17 hospitals with unsafe staffing, says Care Quality Commission
- 13 January 2013
- From the section Health
Seventeen NHS hospitals are among 26 healthcare providers in England failing to operate with safe staffing levels, the Care Quality Commission has said.
The health watchdog issued the hospitals with warnings in November, after carrying out inspections.
About 16% of hospitals failed to come up to the necessary level.
Labour said the findings reflected a "toxic" combination of reorganisation and cuts, but ministers said the number of clinical staff had risen since 2010.
Late last year the commission highlighted staffing problems in NHS hospitals in its review of services. This list gives further details about those findings.
The 17 hospitals are listed in the Sunday Telegraph. They are named as: Scarborough Hospital; Milton Keynes Hospital; Royal Cornwall Hospital; Walton Centre NHS Foundation Trust in Liverpool; Queen's Hospital, Romford; Stamford & Rutland Hospital; Southampton General Hospital; Croydon University Hospital; Bodmin Hospital; Northampton General Hospital; St Peter's Hospital, Maldon; Queen Mary's Hospital, London; Chase Farm Hospital, London; Westmorland General Hospital, Cumbria; Pilgrim Hospital, Lincolnshire; St Anne's House, East Sussex; and Princess Royal Hospital, West Sussex.
Also named is the London Ambulance Service and eight mental health trusts. They are: Ainslie and Highams Inpatient Facility, London; Campbell Centre, Bedford; Forston Clinic, Dorset; Cavell Centre, Peterborough; Bradgate Mental Health Unit, Leicestershire; Avon and Wiltshire NHS Mental Health Trust; Blackberry Hill Hospital, Bristol; and Park House, Manchester.
A spokesman for the CQC said it had told the hospitals they must comply with its standards, and show how they were going to achieve this.
Health Secretary Jeremy Hunt said he expected "swift action" to be taken by those named.
"There can be no excuse for not providing appropriate staff levels when across the NHS generally there are now more clinical staff working than there were in May 2010 - including nearly 5,000 more doctors and almost 900 extra midwives," he said.
"Nursing leaders have been very clear that hospitals should publish staffing levels and the evidence to support them twice a year.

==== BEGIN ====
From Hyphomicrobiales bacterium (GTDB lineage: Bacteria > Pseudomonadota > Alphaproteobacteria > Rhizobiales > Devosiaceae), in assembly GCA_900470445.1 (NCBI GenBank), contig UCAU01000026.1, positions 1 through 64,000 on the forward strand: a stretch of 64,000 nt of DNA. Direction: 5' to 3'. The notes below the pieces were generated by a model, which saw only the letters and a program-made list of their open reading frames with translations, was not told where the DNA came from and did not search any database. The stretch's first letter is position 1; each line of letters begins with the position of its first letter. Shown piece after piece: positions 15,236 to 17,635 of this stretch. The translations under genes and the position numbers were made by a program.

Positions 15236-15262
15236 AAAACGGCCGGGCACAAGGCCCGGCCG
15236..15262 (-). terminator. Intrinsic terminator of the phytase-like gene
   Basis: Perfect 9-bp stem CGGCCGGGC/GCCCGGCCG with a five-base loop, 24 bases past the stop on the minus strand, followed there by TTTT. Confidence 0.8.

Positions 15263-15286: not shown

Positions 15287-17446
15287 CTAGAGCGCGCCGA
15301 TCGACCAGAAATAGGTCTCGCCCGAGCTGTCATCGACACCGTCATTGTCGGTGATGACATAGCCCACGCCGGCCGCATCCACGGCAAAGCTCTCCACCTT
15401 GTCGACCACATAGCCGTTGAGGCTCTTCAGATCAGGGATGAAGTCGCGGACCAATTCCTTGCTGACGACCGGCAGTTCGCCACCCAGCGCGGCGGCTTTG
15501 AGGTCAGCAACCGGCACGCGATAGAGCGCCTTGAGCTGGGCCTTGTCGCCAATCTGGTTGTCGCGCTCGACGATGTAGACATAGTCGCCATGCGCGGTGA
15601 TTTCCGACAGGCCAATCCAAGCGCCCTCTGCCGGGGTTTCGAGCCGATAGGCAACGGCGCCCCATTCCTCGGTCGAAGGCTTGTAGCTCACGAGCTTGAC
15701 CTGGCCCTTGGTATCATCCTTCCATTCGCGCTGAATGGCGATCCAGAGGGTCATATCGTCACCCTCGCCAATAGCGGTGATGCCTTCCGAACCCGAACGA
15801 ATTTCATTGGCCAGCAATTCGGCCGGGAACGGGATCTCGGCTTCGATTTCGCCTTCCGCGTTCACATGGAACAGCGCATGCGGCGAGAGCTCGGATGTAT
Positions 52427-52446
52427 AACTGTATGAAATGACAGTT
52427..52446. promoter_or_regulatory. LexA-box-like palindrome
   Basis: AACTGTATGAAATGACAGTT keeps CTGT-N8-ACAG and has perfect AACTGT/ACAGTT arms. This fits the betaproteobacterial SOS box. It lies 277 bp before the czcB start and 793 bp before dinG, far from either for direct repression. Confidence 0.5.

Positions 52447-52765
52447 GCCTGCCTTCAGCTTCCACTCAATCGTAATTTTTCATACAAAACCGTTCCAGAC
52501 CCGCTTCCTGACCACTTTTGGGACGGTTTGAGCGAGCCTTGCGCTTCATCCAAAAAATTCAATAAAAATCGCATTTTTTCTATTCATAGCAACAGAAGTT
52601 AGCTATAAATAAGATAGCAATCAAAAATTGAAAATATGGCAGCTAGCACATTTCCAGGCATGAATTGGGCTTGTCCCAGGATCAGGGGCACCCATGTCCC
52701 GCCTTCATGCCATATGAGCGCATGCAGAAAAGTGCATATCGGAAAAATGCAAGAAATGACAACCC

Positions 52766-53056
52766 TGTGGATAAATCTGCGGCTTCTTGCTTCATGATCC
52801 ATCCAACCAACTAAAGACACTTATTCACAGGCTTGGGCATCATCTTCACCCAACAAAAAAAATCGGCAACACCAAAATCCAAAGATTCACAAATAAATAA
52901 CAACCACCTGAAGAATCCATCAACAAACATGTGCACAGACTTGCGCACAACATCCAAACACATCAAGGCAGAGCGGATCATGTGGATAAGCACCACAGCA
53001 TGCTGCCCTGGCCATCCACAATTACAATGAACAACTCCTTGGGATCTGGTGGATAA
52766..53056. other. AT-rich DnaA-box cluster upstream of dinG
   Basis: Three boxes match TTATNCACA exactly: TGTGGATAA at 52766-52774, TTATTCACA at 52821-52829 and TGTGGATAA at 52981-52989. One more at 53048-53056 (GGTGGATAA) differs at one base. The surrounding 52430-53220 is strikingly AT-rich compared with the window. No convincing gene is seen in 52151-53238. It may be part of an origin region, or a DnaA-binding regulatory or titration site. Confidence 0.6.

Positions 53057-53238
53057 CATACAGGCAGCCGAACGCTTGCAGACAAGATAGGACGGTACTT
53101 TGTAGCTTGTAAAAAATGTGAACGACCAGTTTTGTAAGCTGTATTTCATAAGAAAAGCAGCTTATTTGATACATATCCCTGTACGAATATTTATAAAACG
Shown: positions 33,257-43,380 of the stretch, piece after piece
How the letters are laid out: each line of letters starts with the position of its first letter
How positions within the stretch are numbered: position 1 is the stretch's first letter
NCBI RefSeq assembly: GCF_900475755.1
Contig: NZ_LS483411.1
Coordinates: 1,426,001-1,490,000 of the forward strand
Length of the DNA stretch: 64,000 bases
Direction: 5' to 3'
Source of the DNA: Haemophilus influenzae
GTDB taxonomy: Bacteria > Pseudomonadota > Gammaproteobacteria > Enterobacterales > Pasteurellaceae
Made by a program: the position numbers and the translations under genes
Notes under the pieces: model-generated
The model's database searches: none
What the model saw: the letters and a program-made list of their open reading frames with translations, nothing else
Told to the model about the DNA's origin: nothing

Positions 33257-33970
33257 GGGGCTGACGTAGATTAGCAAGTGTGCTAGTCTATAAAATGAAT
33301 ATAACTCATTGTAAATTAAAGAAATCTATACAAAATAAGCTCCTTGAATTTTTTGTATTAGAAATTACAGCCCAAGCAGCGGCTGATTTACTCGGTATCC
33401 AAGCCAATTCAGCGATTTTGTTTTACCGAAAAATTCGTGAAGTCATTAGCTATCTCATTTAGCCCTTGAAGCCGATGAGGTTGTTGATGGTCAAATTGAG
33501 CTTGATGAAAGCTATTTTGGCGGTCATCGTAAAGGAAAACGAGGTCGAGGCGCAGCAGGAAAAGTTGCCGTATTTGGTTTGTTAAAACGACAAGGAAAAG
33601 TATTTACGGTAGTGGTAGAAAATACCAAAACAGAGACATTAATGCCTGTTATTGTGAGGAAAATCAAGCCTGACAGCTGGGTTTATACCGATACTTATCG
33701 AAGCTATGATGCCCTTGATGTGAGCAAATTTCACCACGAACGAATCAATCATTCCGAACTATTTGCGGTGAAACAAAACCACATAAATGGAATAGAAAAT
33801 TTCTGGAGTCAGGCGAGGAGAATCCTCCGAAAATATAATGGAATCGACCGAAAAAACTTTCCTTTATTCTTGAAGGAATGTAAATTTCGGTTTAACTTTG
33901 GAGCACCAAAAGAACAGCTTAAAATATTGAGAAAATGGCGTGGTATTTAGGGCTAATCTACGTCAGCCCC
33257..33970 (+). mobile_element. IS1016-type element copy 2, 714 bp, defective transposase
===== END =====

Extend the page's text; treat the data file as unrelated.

"We fully support this and will put an extra £12.5 billion into the health service by 2015."
Mike Farrar, chief executive of the NHS Confederation, which represents managers, said he was "absolutely convinced that the hospitals in these cases will have taken swift action to improve the levels of service and indeed the levels of staffing on those wards".
Labour - which released the information - points out that nursing numbers in England are down nearly 7,000 since the coalition came to power. It says providers could not provide the standards of care everyone wanted to see if they were overstretched.
Shadow health secretary Andy Burnham said: "The government is doing its best to lay the blame for the ills of the NHS at the door of the nursing profession. But nurses will not be able to provide the standards of care we all want to see when they are so overstretched and the wards so short-staffed."
And Labour leader Ed Miliband told the BBC's Andrew Marr programme that the figures were a "shocking set of findings".
He added: "The government's got to explain what's happening in our hospitals, why this is being allowed to happen. It's got to take action to do something about it."
'Proud of care'
Two of the hospitals named have so far taken issue with the report. The Walton Centre said it had a very high staff to patient ratio and a negative rating based on a snapshot observation was "incorrect and unfair".
Its medical director, Peter Enevoldson said: "Patient safety is our most important concern and we are proud of the excellent care that we provide to patients, with a better staff to patient ratio than most other NHS trusts in the country."
The Bradgate Unit said patient safety was its upmost priority and the Care Quality Commission had been satisfied by its ward staffing levels after a routine inspection in October.
Chief Executive John Short said: "The temporary absence of non-nursing therapeutic staff when the CQC conducted its inspection did not and does not relate to patient safety, but would enhance patient experience. We are taking action to respond to the inspection by improving the availability of therapeutic activities and have now recruited specialist workers to do this."